Has there been an increased demand for services resulting from the pandemic?
Demand is difficult to measure. It is entirely likely that we have young people who want help, but who may not feel safe visiting a Centre in person due to COVID and are not accessing care due to social distancing. I think that as more people become aware of our virtual service platform, demand will pick up exponentially.
Have there been any common questions/concerns you have heard from youth since the outbreak of COVID-19?
Most of the questions we receive from youth are similar to what we have heard in the past. More than anything, young people continue to struggle with anxiety and depression, whether they are isolated or not. We also continue to get questions from young people about where and how to access services and supports.
Is there any advice you would give to parents or caregivers who are concerned about their child’s mental health at this time?
COVID has provided parents with a remarkable opportunity to form deeper connections and engage in more dialogue with young people, because we are living in such close quarters. If you are comfortable having those conversations, I would suggest checking in to see how your child is feeling. What do they miss about their life before COVID? What are they finding difficult?
We naturally assume that there is going to be a spike in anxiety for young people, but it is nuanced. Some young people are less stressed and anxious now because they don’t have to attend school.
My advice to parents is to reflect with your young person – ask questions, try to have meals, and play games together, try to get away from giving opinions. Think about how you can connect with your young person to make them comfortable opening up.
In terms of telltale signs, look for disrupted sleep, changes in eating patterns, changes in interest level, more isolation than you would expect, and expressed feelings like sadness, hopelessness, or intense worry.
If you are concerned or have any questions, please contact us and utilize our services at FoundryBC.ca or connect with a local Centre in your community.
Have you experienced any challenges in delivering support virtually?
Young people are often not used to using platforms like Zoom or Microsoft Teams so that technology can be a bit awkward. We are currently developing an app that will allow clinicians and youth to communicate directly with each other.
One big challenge we face is that not everyone feels comfortable delivering or receiving therapy virtually. A lot of young people would like to make a call, put their earphones in, and go for a walk. They do not necessarily want to sit down at a screen. We have come to understand that we need to be as flexible as possible for young people when they are calling in. That said, some young people prefer to receive virtual care before they meet face-to-face.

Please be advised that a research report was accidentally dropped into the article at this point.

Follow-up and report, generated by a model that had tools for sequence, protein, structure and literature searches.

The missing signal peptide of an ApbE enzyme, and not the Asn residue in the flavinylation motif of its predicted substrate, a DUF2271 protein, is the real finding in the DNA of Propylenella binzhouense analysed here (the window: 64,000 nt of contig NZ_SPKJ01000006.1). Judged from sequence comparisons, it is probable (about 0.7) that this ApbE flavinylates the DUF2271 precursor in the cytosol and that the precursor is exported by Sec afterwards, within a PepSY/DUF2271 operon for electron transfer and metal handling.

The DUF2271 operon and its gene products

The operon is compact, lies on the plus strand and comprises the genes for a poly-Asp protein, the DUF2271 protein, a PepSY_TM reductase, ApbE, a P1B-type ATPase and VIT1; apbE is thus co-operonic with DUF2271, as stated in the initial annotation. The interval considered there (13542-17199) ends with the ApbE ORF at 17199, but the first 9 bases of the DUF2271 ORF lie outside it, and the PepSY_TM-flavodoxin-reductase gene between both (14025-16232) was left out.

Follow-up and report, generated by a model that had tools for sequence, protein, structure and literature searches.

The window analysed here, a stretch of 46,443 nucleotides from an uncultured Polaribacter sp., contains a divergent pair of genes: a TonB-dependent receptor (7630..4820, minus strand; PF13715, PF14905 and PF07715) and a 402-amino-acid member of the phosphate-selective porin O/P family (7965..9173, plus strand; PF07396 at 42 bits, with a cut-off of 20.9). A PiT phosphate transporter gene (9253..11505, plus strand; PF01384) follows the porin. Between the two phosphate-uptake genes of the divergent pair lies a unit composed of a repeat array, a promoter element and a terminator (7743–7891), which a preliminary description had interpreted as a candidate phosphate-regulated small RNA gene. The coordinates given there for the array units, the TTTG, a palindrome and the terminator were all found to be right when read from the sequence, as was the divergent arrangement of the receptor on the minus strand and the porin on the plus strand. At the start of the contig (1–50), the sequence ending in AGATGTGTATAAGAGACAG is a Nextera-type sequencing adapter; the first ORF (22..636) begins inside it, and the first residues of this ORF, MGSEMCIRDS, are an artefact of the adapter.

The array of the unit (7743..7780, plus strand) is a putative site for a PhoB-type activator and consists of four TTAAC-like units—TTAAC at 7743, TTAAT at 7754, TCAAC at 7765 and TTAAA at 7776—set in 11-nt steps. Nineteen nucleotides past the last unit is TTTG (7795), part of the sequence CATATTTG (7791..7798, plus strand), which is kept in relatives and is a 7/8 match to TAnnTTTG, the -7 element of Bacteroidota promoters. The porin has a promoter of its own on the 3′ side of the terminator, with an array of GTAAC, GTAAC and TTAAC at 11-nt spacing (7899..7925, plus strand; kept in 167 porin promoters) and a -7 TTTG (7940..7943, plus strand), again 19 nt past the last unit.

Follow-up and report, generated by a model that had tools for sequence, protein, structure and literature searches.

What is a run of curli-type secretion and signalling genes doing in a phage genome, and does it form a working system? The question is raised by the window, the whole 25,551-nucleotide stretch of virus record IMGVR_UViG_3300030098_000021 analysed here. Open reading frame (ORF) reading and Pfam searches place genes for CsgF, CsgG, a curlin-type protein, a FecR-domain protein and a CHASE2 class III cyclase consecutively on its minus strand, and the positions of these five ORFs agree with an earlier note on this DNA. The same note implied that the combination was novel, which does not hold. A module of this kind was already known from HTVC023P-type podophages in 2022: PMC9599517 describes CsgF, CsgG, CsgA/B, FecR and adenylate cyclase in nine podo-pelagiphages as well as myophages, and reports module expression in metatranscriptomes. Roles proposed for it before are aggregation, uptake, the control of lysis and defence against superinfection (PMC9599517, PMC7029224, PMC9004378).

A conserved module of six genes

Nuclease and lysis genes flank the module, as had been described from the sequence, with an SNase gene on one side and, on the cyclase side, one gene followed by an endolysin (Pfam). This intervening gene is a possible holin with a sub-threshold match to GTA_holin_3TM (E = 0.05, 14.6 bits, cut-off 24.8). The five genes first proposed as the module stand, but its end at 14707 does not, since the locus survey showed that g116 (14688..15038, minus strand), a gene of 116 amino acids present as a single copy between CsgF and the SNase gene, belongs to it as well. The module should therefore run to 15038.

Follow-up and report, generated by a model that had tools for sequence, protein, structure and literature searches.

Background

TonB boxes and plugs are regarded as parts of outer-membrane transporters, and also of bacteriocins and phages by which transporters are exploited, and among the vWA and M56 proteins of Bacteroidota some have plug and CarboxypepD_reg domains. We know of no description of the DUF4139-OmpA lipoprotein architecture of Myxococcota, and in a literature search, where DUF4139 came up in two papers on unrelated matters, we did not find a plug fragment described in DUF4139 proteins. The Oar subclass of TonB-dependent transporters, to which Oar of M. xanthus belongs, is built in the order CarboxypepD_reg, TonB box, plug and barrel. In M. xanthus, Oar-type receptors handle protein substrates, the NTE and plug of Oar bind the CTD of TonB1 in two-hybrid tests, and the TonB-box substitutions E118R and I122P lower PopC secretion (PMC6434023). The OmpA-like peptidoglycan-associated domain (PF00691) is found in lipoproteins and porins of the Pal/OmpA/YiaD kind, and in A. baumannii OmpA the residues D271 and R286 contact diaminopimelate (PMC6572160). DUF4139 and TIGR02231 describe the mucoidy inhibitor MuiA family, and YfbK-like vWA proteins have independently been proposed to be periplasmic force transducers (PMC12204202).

Is there a story that you tell yourself that inspires you to continue the important work that you do every day?
The first week that we opened Foundry on Granville Street in Vancouver, I had a patient I had been working with for almost five years. She had seen me in six or seven different locations because we were continually having to move and find new office space, often in unfriendly settings.
I remember when she came in for her first appointment with me, and we started talking about all her health care needs. We touched on substance use, reproductive health needs, as well as some physical health needs, and I told her she could get all those services in one place. I told her to go to the front desk and book all her appointments, and I remember her looking at me and smiling and saying, “so this is like a one-stop-shop?” She immediately understood what we were trying to achieve, and it resonated with her. She was coming in from the suburbs for her services and was spending a lot of time chasing down care providers. The thought that she could just go in and access all those services in one day was a significant relief.
I think that it should be okay that our young people have convenient access to services. It should be okay that we have care providers that work together, see each other, and know a young person as a team rather than as individuals.
Your model stared with the Granville Centre? Is there something about that Centre that inspired you to envision opening centres across the province?
The model we started at Granville was a prototype. When we launched the Foundry initiative, Campbell River was our first Centre, and it was a bit of a litmus test for us to see if two relatively distinct communities would benefit from a similar model.
Some early critics of this model felt it was great for an inner-city but questioned how it would work in a small rural community. What we were able to show is that the Foundry model is successful because it is rooted in establishing partnerships. Unless you live in a community where you are the sole service provider, you will always provide better care through meaningful and intentional partnerships. If you can identify, like we have, the services young people need, you will have young people come in large numbers.
I think the aha moment for us came when we opened the Foundry Campbell River, and hundreds of young people came through the door. Close to 10% of the youth in Campbell River used the Centre in the first year.
Since that time, we have engaged in positive dialogue with seven provinces across the country. We have also been consulting with folks at Stanford University, and they are opening two centres that are going to be very similar to Foundry. The recognition of intentional partnerships coupled with a brand that resonates with young people is a simple, but successful formula.